First, here is Dean Baker:
Robert Samuelson did one of the great pox on both your houses pieces at which the Post excels. He criticized the right, as personified by Grover Norquist, for being unwilling to raise taxes. Then he trashed my friends at the Center on Budget and Policy Priorities for refusing to produce a balanced budget, which he argues would have to show large cuts in Social Security and Medicare.Here is what I walk away with:
Those of us who don't work for the Post, and therefore are free to speak honestly about the deficit, know that the whole long-term deficit problem is the story of the broken U.S. health care system. If the United States paid the same amount per person for its health care as people in any other wealthy country we would be looking at long-term budget surpluses, not deficits.
Of course the short-term deficit story is about the downturn caused by the collapse of the housing bubble, which the Post apparently still have not noticed.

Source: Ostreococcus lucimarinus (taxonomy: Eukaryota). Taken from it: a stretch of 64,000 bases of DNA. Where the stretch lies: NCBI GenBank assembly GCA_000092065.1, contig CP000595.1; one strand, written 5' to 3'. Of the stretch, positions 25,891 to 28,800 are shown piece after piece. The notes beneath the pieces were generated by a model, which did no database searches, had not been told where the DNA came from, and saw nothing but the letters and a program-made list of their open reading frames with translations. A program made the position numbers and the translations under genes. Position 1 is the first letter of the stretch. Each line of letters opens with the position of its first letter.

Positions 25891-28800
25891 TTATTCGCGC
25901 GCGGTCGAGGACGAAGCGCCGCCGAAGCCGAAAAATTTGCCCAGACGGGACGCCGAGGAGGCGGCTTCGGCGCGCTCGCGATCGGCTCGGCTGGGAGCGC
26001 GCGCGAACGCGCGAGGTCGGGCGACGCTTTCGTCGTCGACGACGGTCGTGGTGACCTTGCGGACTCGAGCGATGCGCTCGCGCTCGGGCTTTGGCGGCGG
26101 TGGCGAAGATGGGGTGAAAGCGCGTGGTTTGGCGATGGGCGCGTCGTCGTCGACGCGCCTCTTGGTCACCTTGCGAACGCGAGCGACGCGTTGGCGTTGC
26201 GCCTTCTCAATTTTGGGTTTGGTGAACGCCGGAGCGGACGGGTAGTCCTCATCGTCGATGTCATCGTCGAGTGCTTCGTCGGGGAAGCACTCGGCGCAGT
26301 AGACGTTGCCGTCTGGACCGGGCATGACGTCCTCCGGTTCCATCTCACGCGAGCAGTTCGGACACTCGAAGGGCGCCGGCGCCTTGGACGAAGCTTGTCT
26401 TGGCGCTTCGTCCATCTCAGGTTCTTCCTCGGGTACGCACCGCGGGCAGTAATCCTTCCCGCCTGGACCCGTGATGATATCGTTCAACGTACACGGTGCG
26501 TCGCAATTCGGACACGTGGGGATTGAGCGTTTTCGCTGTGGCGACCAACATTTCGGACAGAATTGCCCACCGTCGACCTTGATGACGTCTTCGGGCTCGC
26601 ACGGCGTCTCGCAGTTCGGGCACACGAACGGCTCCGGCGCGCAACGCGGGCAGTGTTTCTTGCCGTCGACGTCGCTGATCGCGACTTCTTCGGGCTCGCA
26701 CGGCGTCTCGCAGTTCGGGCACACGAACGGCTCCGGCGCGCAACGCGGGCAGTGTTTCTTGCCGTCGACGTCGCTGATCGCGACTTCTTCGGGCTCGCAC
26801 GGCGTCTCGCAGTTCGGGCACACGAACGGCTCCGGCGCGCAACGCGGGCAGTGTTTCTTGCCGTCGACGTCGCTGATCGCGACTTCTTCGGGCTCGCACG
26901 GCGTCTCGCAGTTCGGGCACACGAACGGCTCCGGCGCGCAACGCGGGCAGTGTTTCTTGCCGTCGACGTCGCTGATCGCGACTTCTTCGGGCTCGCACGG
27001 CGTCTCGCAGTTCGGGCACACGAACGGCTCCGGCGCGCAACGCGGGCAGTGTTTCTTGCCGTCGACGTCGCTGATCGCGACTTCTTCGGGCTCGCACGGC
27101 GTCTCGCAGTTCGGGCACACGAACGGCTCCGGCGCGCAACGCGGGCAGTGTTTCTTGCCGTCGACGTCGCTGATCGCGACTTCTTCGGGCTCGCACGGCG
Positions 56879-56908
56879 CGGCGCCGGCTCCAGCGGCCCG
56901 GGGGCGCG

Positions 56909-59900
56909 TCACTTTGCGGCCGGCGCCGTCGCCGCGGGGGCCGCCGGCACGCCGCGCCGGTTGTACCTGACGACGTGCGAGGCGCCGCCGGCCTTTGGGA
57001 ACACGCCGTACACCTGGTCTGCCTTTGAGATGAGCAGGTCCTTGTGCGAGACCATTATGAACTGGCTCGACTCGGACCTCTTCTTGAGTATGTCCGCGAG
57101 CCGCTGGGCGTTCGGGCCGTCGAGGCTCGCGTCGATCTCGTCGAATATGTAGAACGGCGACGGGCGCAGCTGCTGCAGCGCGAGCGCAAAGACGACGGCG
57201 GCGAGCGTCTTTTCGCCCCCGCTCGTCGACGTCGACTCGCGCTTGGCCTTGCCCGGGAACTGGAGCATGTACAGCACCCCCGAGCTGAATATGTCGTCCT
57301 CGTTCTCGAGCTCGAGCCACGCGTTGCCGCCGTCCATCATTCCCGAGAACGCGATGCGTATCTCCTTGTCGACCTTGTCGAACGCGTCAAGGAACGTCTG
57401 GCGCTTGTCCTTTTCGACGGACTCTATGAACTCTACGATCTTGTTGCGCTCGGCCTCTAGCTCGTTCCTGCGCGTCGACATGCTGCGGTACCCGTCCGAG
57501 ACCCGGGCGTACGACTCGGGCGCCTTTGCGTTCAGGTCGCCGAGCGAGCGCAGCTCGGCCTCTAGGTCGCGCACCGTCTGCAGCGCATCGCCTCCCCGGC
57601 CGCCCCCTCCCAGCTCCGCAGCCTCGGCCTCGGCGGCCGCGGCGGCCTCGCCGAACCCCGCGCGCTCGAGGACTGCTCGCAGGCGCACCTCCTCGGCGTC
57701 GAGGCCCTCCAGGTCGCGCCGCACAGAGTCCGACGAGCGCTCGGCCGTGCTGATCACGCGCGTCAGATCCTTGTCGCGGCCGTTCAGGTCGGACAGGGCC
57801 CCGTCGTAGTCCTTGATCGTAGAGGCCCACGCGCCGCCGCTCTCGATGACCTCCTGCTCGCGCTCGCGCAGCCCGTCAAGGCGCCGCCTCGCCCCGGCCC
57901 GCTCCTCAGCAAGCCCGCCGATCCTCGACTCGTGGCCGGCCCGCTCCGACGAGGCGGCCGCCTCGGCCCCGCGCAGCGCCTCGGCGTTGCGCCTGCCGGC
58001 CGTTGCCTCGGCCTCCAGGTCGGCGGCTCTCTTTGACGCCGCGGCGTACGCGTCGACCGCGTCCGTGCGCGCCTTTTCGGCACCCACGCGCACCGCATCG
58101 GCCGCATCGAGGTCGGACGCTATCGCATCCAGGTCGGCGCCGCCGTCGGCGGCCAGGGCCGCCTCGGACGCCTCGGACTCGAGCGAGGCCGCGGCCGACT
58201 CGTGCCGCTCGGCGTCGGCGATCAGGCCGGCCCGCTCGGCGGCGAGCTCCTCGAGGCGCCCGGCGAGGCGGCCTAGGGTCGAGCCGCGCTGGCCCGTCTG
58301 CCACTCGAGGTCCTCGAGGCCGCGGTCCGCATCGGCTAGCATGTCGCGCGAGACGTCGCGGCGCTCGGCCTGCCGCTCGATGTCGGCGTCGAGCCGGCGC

- The long term debt problem is created and sustained by the Republican party because it is unwilling to let the US have a health care system like the rest of the developed world: an effective one with broad coverage and at half the cost. Republicans prefer big profits and dysfunctional delivery to keep their corporate patrons happy.
- The short term debt problem is not a problem because it will disappear when the economy recovers from the Little Depression. But, of course, the Republicans are working hard to ensure that there is no recovery before 2012 because they want to maximize their electoral chances despite what harm this might cause the country.